Another SRA trail story from the Bedford-Sackville Observer

Bedford-Sackville Observer – September 6, 2016

Heidi Tattrie Rushton | Go Outside

September 5, 2016- 9:32am

Bridge over Sackville River.

On one side of this trail runs a highway, so close you can see drivers slurping their morning coffee and rocking out to their car tunes. On the other side is the Canadian Forces Rifle Range with a steady stream of bullets firing from it.

But, wait! Stay with me. In the middle of the trail a river runs through it and this river is why you should take a walk on the Bedford Sackville Connector Greenway.

Almost immediately after I start my walk off Old Sackville Road (near Lynn Court) I begin seeing informational signs that tell me the story of the river. Part of that story includes the rows of rocks that stretch from from one side of the river to the other at various spots. It’s clear they do not naturally settle in that position and I learn from the signs that they are called rock sills.

The sills are built by volunteers with the Sackville Rivers Association to restore fish habitats that were damaged from development in the area. These formations allow water to flow over the rocks and create a natural downstream with pools and riffles for the Sackville River fish population, which include Atlantic Salmon, American Eel and Speckled Trout.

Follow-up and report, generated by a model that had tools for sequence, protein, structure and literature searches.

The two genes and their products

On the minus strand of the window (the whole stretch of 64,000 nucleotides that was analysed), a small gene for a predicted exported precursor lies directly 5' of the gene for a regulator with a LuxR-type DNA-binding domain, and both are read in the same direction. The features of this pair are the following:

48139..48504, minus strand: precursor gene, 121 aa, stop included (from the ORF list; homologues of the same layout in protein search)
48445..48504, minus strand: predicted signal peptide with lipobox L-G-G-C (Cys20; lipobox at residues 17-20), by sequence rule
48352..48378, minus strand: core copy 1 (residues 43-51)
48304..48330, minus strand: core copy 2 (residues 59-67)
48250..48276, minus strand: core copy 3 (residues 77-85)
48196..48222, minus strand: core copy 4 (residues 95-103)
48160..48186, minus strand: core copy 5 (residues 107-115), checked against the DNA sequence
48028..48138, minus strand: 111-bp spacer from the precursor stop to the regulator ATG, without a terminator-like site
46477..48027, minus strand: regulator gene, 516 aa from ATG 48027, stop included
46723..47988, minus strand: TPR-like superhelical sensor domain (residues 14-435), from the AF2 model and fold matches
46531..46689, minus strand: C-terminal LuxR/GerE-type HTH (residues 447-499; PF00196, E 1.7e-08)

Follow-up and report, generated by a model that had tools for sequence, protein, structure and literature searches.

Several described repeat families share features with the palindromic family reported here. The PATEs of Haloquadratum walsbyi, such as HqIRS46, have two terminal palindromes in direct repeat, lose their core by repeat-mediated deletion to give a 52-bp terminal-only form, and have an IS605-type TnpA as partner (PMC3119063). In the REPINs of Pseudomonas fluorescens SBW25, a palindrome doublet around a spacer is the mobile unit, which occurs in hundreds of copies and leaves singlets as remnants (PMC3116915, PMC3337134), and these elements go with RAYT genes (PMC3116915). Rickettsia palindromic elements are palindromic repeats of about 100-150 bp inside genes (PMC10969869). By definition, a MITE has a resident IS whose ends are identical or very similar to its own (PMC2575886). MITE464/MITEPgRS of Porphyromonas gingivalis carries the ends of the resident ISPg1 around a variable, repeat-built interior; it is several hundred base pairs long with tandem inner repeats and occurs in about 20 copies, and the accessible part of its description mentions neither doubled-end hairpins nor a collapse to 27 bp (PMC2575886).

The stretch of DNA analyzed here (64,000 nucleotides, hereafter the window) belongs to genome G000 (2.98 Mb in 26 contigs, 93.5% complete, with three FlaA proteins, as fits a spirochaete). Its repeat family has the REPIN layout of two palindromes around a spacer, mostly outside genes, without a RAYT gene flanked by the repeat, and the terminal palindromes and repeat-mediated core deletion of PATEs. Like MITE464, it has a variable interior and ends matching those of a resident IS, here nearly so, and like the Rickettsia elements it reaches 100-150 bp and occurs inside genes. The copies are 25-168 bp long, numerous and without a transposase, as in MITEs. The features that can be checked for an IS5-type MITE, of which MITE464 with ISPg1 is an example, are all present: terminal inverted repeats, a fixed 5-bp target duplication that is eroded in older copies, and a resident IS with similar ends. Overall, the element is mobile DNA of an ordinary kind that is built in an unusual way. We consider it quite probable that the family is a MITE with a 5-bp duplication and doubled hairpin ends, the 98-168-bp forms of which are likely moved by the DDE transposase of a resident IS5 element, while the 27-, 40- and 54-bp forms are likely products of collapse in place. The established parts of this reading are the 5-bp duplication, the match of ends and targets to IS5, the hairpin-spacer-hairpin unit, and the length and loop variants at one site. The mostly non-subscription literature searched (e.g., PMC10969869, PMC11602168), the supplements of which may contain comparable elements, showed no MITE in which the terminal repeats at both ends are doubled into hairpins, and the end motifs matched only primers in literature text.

Fish aren’t the only residents of this river though. As I walk along I come to a spot that has a short path through the trees to the river. I glance down it as I pass and spot a Blue Heron standing majestically on the rocks of the river where, on the other side, cars speed by oblivious to his presence. I am so startled that by the time I think to take a photo he’s already happily skipped his way further down the river, likely looking for a little breakfast fish to start his day.

It’s about a five kilometre return trip from the Old Sackville Road entrance to the Bedford Place Mall. The trail is crusher dust and has a flat, even, accessible surface. There are also several benches to stop and enjoy the river, and a few bridges along the route offering stunning views. I meet several friendly people who seem to be on their regular morning dog walk, jog or stroll with friends.

Just past the rifle range, the trail takes me under the highway through a brightly painted tunnel and an overpass, and then goes beside a Bedford ballfield where it becomes a little quieter. Once at the mall the option is there to continue on through Bedford on this trail all the way to Scott Manor House (or, you know, if it’s a really hot day, to just stop at the True North Diner for a milkshake).

I’m not going to lie, this is not a quiet wander in the woods. This is an active transportation route designed to offer residents the option to walk between the communities instead of driving. It’s not a bad idea to bring a pair of headphones with nature sounds or soothing music to block out the surrounding noise. If you do that though, remember to look around and enjoy the beauty of the river. The Bedford Sackville Connector Greenway offers a rare front row seat to see community action at work nurturing a natural resource; and to see nature thriving, despite urban development, with a little help from its friends.

BSCG North Bridge